Pocketwatch 101™ – Learn about Vintage and Antique Pocket Watches
All About Vintage Pocket Watch Crystals
Common Crystal Types and Styles
The piece of glass that covers the dial of your watch is called the crystal. That doesn't mean it's made of crystal, but "crystal" is the correct name for it. Original crystals for vintage pocket watches were typically made of mineral glass, and came in a wide variety of shapes, thicknesses and styles. We'll show you the more common styles (and a couple of less common styles) and provide a little information about how they were used.
Hunter Style or Geneva Crystal
If the watch has a hunter-case (with a metal cover over the dial and crystal) then the watch uses a hunter-style or Geneva-style crystal. Hunter-style crystals tend to be quite thin and fragile, and vary from almost flat to slightly convex, but all must be low enough to allow the metal case lid to close. One of the challenges of fitting a replacement hunter crystal is that it must be high enough to not touch the center arbor or interfere with the hands, and low enough to not interfere with the case lid. Sometimes there is VERY little clearance and finding a crystal that fits properly can be quite difficult.
Typical glass thickness for a hunter crystal is 0.4mm - 0.5mm, so they are quite thin and fragile. This is a great reason why you NEVER shut a hunter case watch with your big ol' thumb pressing right in the middle of the cover... if the clearance between cover and crystal is small, you're very likely to break the crystal!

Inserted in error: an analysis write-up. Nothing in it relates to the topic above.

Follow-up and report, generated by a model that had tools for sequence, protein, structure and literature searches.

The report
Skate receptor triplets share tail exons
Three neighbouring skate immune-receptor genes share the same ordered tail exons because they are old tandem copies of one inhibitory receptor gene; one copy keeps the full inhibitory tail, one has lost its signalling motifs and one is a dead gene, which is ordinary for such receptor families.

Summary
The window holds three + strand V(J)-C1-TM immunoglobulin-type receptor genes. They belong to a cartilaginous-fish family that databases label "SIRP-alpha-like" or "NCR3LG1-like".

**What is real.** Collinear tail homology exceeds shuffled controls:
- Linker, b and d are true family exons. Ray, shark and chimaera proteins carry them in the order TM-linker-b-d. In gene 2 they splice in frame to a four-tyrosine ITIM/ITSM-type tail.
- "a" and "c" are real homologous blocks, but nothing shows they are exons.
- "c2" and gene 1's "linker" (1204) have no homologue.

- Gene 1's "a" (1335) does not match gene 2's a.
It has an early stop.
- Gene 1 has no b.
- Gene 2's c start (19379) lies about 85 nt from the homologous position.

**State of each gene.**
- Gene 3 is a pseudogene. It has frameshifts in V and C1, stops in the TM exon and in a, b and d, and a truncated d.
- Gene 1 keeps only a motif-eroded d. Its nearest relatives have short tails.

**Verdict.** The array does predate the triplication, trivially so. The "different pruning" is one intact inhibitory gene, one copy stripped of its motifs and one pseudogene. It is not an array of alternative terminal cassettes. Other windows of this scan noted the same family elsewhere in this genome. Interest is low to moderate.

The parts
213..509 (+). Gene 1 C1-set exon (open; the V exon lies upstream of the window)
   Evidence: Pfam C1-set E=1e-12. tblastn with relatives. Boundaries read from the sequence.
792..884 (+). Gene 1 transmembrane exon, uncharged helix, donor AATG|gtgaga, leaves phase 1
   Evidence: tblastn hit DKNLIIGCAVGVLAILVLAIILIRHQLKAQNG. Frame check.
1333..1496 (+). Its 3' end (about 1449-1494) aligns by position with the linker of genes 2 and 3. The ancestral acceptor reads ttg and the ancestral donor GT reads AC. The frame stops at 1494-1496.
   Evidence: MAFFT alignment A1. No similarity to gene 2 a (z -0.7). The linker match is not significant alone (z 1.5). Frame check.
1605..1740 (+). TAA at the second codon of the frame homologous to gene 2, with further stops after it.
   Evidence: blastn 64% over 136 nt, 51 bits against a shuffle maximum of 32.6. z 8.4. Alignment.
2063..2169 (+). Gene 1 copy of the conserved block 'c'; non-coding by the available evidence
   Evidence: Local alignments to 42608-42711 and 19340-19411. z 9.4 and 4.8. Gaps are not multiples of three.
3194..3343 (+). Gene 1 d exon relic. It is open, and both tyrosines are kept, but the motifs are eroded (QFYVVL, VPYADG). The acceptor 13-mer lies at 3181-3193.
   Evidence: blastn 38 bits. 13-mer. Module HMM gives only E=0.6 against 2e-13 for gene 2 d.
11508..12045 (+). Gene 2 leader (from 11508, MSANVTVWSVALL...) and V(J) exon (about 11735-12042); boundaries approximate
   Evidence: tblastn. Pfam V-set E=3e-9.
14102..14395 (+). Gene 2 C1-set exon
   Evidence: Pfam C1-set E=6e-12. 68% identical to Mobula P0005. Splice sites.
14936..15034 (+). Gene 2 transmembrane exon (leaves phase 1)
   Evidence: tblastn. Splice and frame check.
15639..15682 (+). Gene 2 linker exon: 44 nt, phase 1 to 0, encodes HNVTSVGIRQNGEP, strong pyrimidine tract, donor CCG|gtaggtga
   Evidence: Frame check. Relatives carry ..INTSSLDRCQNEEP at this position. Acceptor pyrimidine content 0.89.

Open Face Beveled Edge Crystal
Watches that have no case-lid over the dial of the watch are called "open-face". Many vintage pocket watches have open face crystals with a beveled outer edge, as shown below. The beveled edge was purely a stylistic choice, and gives the watch a crisp, sharply defined outline for the dial. Railroad pocket watches look great with beveled edge crystals.
Typical glass thickness for an open face beveled crystal is 1.0mm - 1.5mm, but can be up to 2.5mm.
Open Face Smooth Edge Crystal
Open face crystals can also be smooth-edge or rounded-edge as shown below. Again, this was purely a stylistic choice. Based upon our observations, smooth edge crystals tend to be found on thinner, 12-size "gentleman's watches". As watches grew thinner, and as thinner watches became more stylish and popular, more attention was paid to a smoother transition between the crystal edge and the bezel.
Typical glass thickness for an open face smooth-edge crystal is 0.75mm - 1.0mm, usually just a little thinner than a beveled-edge crystal..
Open Face Flat-Thick Crystal
A lot of large, 18-size watches made in the late 1800's used flat-thick crystals. Whereas all the other crystal styles we've talked about are convex (domed), FT crystals are flat, or very nearly flat, on top. These crystals have a thick, pronounced beveled edge, which almost gives them a magnifying glass effect. A flat-thick crystal is definitely the right choice for many early 18-size watches.
Typical glass thickness for an open face flat-thick crystal is 3.5mm - 5.5mm.
English-Style High-Dome Bullseye Crystal